Determining the appropriate evening primrose oil dosage is usually a matter of first figuring out what exactly you’re trying to treat, then paying attention to the instructions for your weight and age. In most cases, you’ll want to divide the dose into two or three portions spread over a few hours in order to get the most benefit. It’s hard to overdose on this oil, but taking too much at once can lead to some rather unpleasant consequences. Commercially prepared tinctures usually come with usage instructions and dosage guides that can provide a good starting place. In order to get the best results, though, it’s usually a good idea to talk to a medical professional or other natural health expert about your own unique situation before beginning.
Get a Formal Diagnosis
Evening primrose oil, also known as Oenothera biennis, is an herbal remedy used in the treatment of numerous medical conditions. One of the most important things to do when trying to get the right dosage is to identify why exactly you’re using it. Skin allergies and eczema are some of the most common ailments people use the oil to relieve, but it’s also frequently recommended to pregnant women to reduce pregnancy-induced hypertension and to induce labor. It can be taken to relieve the symptoms of premenstrual syndrome, arthritis, breast cancer, and heart disease, too; experts sometimes also recommend it for diabetic neuropathy and chronic fatigue syndrome.
Even if the bottle or packet of oil has general dosing instructions, these instructions can’t possibly cover ever potential use of the product. Someone who is looking to relieve a skin allergy will probably need a different amount than a person suffering from breast cancer, for example, and there are usually different guidelines for pregnant women, too. Trying to self-treat with the oil for conditions you think you might have can also be dangerous, both in terms of taking an inappropriate amount and missing out on other care options. In most cases it’s a good idea to get a formal diagnosis from a qualified medical provider before you start taking the oil, and to discuss proper doses for your specific condition with that person.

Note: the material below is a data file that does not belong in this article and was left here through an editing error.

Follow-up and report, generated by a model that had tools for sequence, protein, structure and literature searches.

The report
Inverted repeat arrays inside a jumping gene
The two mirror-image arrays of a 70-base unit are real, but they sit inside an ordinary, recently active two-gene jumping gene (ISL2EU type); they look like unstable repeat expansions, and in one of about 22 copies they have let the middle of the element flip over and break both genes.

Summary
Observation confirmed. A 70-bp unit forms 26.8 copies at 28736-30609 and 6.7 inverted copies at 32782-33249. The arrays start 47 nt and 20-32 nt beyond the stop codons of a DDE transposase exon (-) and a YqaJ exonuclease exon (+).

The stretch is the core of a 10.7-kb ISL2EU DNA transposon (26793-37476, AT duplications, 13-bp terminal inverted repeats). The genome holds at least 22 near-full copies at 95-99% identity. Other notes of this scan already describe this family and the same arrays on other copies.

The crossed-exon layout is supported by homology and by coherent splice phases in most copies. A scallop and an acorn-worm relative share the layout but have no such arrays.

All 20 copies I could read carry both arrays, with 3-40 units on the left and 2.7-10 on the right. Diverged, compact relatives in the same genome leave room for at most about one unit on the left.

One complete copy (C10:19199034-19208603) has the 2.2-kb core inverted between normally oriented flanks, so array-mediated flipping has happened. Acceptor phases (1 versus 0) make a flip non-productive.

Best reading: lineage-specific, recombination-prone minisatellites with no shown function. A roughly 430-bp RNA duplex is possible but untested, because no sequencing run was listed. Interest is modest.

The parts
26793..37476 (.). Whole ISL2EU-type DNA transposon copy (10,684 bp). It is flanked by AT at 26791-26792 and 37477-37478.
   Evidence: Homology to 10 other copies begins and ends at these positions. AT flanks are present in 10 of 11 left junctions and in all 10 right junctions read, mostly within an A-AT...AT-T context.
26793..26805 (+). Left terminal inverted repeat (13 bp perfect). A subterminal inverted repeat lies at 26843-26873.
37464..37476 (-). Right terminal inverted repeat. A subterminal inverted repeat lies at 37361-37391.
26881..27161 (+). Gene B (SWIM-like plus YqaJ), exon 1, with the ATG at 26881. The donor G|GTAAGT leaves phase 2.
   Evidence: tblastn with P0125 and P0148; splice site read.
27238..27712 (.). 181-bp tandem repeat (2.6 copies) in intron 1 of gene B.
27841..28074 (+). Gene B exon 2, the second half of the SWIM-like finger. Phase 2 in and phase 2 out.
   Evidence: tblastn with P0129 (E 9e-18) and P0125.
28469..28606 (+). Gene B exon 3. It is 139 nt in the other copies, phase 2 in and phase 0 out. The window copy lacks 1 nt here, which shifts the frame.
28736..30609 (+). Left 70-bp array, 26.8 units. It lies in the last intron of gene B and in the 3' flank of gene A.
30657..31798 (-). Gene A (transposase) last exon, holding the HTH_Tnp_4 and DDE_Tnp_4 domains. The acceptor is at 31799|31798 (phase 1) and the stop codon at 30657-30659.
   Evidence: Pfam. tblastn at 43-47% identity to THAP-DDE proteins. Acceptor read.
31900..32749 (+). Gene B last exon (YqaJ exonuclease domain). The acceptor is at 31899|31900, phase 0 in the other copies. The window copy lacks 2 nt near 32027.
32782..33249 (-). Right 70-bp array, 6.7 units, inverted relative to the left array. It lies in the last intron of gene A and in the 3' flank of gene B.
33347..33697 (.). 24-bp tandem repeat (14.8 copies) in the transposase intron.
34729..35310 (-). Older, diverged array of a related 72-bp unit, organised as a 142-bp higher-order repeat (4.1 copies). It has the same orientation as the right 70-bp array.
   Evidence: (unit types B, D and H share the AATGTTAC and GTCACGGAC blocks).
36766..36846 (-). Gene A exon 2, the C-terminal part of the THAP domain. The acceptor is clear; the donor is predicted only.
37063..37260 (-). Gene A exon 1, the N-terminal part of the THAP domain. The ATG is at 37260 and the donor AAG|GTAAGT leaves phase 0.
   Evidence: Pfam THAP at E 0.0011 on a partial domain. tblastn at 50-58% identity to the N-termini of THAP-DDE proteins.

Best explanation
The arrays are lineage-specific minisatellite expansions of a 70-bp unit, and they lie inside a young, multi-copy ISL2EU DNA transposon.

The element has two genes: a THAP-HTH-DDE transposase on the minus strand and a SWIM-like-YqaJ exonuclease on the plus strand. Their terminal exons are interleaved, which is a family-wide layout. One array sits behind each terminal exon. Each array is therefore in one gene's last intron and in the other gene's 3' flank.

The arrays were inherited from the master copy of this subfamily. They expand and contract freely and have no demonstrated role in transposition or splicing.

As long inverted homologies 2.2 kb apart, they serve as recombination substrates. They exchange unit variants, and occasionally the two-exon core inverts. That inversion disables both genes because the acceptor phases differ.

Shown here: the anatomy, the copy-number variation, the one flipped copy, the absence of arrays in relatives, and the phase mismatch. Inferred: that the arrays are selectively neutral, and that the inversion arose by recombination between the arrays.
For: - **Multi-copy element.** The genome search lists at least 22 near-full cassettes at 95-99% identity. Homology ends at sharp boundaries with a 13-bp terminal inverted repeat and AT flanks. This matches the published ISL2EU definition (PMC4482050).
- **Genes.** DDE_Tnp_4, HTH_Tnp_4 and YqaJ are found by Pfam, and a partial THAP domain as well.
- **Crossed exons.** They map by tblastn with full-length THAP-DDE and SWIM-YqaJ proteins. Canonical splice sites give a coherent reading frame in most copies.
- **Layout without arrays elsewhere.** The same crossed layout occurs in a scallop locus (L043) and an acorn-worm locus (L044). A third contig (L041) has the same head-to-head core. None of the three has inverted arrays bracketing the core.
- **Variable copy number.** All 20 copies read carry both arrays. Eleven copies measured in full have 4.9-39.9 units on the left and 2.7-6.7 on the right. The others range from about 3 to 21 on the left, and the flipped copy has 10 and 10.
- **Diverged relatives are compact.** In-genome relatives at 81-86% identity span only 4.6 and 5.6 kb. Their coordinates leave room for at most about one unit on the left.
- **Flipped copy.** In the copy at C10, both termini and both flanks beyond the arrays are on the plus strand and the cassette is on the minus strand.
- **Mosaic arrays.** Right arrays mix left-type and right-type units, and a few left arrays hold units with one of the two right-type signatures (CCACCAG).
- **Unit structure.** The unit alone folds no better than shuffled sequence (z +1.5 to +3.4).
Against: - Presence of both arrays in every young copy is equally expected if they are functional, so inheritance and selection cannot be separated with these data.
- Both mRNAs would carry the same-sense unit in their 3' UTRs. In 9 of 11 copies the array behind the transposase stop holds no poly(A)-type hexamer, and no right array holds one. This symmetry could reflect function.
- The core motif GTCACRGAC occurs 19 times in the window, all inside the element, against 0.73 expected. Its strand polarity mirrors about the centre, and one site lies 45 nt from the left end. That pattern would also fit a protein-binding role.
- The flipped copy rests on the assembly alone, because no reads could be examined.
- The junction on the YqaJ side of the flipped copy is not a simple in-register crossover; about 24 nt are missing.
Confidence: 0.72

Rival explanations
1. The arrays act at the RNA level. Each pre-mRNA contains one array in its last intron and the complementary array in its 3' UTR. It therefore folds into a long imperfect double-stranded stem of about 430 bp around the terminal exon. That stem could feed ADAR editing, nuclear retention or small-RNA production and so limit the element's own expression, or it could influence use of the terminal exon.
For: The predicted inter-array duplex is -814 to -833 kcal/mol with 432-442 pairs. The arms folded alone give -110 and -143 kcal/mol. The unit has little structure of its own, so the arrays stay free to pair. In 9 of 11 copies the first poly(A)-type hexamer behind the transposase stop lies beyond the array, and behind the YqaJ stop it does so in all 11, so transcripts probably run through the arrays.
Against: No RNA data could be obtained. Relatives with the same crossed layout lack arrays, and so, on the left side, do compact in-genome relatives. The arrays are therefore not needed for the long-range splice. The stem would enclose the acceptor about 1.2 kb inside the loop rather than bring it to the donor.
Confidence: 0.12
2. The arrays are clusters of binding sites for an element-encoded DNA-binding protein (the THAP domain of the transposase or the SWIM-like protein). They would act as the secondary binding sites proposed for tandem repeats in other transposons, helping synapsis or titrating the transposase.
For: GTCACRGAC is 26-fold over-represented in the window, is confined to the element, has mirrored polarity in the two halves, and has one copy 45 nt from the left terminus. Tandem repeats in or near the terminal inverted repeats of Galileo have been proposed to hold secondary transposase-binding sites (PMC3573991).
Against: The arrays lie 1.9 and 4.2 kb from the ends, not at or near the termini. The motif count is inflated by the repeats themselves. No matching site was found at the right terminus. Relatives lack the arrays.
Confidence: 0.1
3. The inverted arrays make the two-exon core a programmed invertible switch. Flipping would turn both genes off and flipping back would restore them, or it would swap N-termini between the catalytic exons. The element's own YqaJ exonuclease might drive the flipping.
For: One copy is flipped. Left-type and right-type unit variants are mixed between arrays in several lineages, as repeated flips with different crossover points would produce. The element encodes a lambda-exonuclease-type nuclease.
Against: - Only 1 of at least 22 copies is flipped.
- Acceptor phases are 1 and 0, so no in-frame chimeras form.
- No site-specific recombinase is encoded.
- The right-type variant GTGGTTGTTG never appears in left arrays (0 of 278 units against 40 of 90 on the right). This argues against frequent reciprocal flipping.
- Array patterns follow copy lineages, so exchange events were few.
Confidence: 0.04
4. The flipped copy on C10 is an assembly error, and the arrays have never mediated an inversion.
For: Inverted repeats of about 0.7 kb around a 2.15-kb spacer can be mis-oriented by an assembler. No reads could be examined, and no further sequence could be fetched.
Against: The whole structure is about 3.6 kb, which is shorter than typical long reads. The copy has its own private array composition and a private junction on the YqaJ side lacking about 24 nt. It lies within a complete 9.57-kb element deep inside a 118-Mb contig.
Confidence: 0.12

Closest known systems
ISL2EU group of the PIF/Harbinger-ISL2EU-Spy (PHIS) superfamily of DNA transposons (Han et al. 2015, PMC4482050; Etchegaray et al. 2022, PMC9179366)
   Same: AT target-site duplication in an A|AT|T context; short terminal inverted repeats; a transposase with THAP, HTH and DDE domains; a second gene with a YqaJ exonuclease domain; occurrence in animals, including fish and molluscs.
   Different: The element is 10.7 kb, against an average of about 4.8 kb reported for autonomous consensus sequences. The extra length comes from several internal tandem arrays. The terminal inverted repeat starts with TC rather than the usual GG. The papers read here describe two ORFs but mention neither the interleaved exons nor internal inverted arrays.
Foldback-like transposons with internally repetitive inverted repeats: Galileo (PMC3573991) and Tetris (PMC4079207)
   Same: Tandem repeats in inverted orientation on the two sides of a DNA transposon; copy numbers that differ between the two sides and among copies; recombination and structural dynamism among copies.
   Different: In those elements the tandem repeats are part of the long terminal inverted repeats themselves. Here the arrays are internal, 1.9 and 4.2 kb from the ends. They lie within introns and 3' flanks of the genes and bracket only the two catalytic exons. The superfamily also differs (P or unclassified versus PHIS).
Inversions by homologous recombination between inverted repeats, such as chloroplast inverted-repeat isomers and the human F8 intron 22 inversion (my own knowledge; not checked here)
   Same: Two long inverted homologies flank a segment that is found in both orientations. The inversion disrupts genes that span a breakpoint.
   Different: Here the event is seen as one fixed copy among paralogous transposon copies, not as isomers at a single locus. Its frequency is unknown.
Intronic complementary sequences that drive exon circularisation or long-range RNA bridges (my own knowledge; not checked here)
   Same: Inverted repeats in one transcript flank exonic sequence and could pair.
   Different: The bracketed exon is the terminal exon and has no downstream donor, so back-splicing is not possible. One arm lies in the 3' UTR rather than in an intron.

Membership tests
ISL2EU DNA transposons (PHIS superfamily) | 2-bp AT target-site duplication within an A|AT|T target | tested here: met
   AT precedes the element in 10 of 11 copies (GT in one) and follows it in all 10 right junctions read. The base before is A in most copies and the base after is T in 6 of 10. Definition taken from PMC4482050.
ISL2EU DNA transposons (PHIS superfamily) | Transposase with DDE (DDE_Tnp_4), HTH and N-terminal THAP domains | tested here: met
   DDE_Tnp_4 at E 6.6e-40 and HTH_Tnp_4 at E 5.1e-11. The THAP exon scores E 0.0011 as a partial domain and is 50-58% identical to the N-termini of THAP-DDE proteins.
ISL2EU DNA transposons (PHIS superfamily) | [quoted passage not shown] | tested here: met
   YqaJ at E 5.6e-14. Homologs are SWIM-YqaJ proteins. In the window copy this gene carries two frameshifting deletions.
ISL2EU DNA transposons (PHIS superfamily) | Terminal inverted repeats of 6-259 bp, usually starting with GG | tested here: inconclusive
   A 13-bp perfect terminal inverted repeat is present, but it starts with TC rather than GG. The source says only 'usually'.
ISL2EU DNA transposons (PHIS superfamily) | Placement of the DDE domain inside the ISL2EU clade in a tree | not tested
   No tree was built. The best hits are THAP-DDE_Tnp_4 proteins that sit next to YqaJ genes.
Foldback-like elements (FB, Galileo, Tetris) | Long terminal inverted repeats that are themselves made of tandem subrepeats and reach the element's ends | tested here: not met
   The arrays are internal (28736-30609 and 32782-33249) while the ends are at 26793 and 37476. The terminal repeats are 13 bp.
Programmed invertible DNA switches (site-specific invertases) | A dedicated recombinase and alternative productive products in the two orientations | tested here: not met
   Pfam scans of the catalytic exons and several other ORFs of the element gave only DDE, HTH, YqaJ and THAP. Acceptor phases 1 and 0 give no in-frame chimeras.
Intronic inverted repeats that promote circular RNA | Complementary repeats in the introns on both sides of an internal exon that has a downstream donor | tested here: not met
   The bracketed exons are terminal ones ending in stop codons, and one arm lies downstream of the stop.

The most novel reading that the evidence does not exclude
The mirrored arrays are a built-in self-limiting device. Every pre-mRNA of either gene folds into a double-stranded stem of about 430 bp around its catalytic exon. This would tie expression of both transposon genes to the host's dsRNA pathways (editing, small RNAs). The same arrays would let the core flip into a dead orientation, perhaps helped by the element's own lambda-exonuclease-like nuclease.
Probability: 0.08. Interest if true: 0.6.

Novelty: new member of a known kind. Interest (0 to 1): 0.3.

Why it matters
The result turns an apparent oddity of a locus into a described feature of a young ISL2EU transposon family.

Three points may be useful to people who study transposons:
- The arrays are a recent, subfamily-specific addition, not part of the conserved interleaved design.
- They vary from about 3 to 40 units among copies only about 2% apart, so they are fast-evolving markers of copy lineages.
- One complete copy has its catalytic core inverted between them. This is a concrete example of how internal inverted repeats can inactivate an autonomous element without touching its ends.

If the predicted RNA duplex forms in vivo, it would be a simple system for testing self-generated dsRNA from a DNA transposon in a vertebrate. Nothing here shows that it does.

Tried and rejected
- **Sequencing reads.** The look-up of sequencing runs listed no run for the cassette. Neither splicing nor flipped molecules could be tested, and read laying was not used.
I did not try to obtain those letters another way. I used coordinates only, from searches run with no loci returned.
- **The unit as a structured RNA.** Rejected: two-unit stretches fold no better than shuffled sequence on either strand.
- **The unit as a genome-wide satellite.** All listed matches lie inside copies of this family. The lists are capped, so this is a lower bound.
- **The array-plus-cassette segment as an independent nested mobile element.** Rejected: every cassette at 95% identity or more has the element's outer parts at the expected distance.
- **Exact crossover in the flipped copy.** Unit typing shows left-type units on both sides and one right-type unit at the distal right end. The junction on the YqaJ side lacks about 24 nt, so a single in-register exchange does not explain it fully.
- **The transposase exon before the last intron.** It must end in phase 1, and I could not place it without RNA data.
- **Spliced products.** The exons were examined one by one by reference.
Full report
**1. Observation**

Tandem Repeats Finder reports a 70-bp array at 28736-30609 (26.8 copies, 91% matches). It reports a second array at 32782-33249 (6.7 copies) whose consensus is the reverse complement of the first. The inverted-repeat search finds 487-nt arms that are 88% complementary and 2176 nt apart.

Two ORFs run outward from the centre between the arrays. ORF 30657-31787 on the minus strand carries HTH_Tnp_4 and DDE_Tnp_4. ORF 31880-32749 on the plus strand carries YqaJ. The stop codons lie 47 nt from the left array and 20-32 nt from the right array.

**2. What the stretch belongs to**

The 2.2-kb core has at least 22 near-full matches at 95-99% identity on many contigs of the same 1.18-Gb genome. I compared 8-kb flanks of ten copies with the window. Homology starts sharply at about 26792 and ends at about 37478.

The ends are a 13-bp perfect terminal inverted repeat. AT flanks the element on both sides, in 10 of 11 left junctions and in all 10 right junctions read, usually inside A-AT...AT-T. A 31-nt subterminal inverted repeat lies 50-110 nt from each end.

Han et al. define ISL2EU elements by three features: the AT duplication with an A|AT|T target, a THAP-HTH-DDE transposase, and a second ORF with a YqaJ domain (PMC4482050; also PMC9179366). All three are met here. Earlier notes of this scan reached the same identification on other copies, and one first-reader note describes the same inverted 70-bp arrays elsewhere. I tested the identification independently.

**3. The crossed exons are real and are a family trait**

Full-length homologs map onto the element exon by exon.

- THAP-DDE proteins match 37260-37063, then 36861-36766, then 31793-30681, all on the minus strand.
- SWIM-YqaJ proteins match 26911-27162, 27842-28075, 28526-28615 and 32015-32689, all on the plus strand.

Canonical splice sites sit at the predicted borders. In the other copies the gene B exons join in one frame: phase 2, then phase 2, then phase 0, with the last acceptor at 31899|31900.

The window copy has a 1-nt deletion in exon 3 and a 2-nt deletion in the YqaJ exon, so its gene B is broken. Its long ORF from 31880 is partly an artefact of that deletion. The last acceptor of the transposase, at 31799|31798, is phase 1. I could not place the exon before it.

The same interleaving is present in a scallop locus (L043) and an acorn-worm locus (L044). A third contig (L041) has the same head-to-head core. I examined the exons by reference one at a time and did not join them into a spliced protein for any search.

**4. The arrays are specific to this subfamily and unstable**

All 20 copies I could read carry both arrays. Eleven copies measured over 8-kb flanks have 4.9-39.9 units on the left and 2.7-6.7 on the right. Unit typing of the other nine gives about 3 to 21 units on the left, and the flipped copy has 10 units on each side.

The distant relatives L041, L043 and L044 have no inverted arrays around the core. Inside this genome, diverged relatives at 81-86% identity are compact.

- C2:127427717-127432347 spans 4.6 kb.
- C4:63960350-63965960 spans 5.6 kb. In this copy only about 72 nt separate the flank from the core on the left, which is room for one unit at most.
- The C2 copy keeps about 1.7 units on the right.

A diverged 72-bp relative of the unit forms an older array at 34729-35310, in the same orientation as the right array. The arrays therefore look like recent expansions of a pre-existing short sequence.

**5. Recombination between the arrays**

Weight and Age Considerations
Another factor you should consider when determining the appropriate evening primrose oil dosage is the basic age of the person who will be treated with it. People who are in their teens or older should generally take a larger dose than young children. In most cases an adult should take 1 to 2 teaspoons (4.9 to 9.8 ml) daily, while a child should not take more than about 1 teaspoon (4.9 ml).
The weight of the person, whether child or adult, will also help you determine the exact dosage that is appropriate. Sometimes commercial packaging takes individual weight into account, but more often it just groups all adults together. This is often fine, but results can be improved and better tailored if you adjust things for the person’s general size.
Most experts recommend that a child should have a maximum daily dosage of about 0.5 teaspoon per 10 pounds of body weight (about 2.4 ml per kg). An adult with an average weight should take about 1.5 teaspoons (7.3 ml) daily. Lighter adults might take 1 teaspoon (4.9 ml), and heavier adults might need 2 teaspoons (9.8 ml). If the condition persists after initial treatment, the dosage may be gently raised.
Evening primrose oil is generally absorbed directly into the bloodstream, which improves its potency but can also limit the amount of time during which it is active in the body. In most cases, a daily dose should not be taken all at once but rather should be divided into thirds and taken throughout the day, each portion several hours apart. This can both improve the end results and avoid potential side effects.
Sensitivities and Side Effects
Allergic reactions to normal evening primrose oil dosages have not been widely reported, though they can happen in certain circumstances. Side effects are also generally mild. Taking an incorrect dosage, however, can make reactions and negative effects more likely. Too much of the oil can lead to seizures, headaches, nausea, and loose stools. Anyone who experiences these symptoms should generally stop taking the supplement and seek medical advice.
Potential drug interactions are also something to think about. Many pharmaceutical products can interact with herbs and natural tinctures like evening primrose oil in a way that causes great harm to the people taking both. Pharmacists in most places are trained to watch for problems with prescribed medications that people are taking, but they don’t always know about a person’s over-the-counter supplements. Before you start this or any other natural remedy regimen, it’s a good idea to talk with a doctor, pharmacist, or someone else who knows your drug history. Similarly, it isn’t usually a good idea to begin a pharmaceutical drug regimen while you’re taking evening primrose oil doses without an expert telling you it’s okay.